The Corner

The Best Email On The Subject

comes from a college friend whose judgment I respect:

“I must admit that I was surprised to read your Corner post re: gays in the

military. As you well know, i’ve been opposed since college. In seven years

in the military I’ve seen nothing to change my mind.

“The morale problem is insurmountable. No, no, I don’t mean anti-gay

sentiment. I truly fail to understand how front-line leaders such as myself

can be expected to keep horny 18-year-olds away from each other. I can’t get

these yo-yos to come to drill sober, let alone keep their mitts off of each

other if sexual attraction is present.

“This problem is present with women, too, and for that reason I’d cheerfully

endorse an all-male military. But women are easier to keep segregated. We

can have women’s rooms, women’s bathrooms, etc., and women can be easily

identified as such. Precisely how do we work showers for gay soldiers? And

when Private Boy and Private Girl spend lots of time alone, common sense

tells us that something’s afoot. When Private Boy and Private Openly Gay But

Swears He’ll be Chaste slip away…are they pals, or something more? And if

it’s Private Boy and his supervisor, Sergeant Openly Gay, Etc., then what?

What can a leader do?

“Too trivial? After four lonely, dirty months in the field, it wouldn’t seem

so. And my understanding of human sexuality doesn’t support the notion that

18-year-olds can shower in the nude with other 18-year-olds to whom they are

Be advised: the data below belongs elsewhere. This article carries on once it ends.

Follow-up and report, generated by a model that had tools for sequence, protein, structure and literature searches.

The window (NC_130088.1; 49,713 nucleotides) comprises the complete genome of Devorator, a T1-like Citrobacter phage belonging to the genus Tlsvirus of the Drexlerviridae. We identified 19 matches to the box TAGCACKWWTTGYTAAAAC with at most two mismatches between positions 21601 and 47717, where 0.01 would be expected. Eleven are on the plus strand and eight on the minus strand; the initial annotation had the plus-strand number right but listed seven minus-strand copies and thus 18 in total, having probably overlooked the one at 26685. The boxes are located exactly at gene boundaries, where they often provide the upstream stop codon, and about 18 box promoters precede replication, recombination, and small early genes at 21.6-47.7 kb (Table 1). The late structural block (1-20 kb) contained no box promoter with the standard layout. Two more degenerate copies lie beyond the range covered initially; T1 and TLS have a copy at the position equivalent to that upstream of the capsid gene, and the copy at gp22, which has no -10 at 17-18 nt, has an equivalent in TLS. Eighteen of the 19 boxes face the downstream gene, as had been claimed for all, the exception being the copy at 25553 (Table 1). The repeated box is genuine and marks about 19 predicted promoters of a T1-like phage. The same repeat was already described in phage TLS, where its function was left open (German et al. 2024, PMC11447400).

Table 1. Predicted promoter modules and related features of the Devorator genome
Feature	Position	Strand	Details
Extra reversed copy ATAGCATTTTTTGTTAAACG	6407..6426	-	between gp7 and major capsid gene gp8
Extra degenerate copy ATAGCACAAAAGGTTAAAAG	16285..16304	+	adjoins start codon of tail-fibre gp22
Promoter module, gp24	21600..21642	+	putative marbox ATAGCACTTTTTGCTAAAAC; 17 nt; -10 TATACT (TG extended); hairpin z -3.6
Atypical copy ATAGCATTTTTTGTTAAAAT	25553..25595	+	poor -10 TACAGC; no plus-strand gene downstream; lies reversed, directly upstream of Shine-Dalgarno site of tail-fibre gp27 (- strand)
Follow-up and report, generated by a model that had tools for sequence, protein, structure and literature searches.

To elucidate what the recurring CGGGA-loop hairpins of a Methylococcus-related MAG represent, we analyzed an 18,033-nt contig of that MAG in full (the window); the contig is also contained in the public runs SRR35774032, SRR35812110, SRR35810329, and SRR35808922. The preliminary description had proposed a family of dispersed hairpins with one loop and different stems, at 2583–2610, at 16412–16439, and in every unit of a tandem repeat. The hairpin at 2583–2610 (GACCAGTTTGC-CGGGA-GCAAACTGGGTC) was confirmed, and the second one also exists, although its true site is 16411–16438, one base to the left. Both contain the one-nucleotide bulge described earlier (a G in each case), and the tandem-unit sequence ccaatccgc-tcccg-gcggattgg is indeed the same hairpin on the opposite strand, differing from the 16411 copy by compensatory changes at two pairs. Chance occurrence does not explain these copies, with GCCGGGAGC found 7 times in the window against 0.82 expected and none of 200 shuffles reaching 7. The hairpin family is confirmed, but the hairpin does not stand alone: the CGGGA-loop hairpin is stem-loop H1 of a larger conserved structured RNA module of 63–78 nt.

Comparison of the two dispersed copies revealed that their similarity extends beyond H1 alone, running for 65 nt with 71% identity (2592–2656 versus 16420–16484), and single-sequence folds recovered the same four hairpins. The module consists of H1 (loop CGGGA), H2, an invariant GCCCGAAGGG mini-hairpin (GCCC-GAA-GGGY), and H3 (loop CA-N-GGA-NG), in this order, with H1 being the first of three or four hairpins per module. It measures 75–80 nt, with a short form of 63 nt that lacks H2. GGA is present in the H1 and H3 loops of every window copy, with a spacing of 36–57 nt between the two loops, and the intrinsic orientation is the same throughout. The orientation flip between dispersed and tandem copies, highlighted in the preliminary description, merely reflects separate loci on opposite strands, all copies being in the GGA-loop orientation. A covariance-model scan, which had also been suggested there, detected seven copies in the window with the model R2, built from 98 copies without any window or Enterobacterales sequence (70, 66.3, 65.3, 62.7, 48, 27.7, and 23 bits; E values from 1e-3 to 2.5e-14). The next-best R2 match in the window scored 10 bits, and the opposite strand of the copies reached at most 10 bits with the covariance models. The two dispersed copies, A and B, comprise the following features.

sexually attracted, and not have bad things happen. The left might buy the

idea that the sexual urge can be flipped on and off like a switch – off when

at work, on when at home. The right should know better.

“It does no good to point to the rules against fraternization, sex with

subordinates, etc. Those rules aren’t obeyed among the heterosexuals, and,

as noted earlier, we have strong measures in place to help hetero soldiers

avoid temptation. And still we have awful problems.

“And do let’s keep in mind that all of these problems are quintupled in the

stress of a deployment, and quintupled again in combat. . . .

“I’m not acquainted with the British experience. But I’d take it with several

grains of salt, as a) the p.c. juggernaut has likely squelched any evidence

that a pro-gay policy has failed, just as the p.c. juggernaut routinely

squelches evidence in the U.S. that women in the military is a failed

policy; b) I’ve heard that many foreign militaries quietly track gays into

non-combat positions, and c) what the hell do Europeans know about fighting

contemporary wars anyway? Britain is the least bad of the bunch, but acting

as the American Army’s valet doesn’t really demand the same uncompromising

quest for the military excellence that we demand out of, say, the 82nd

Airborne.

“It’s probably true that, in a garrison, rear-eschelon environment, gays

(like women) can do as good a job as anyone else. But the military

recognizes that the garrison environment is not the true military

environment. The Army, at least, demands that every soldier be able to fight

like an infantryman under combat conditions, regardless of their ‘real Army

job.’ Every soldier must meet that standard. A soldier sexually attracted to

other soldiers cannot meet that standard.

“Sorry to belabor the point, but I’ve spent much time examining the issue –

and for me, the point is far from academic.”

Ramesh Ponnuru is a senior editor for National Review, a columnist for Bloomberg Opinion, a visiting fellow at the American Enterprise Institute, and a senior fellow at the National Review Institute.

Recommended

The Latest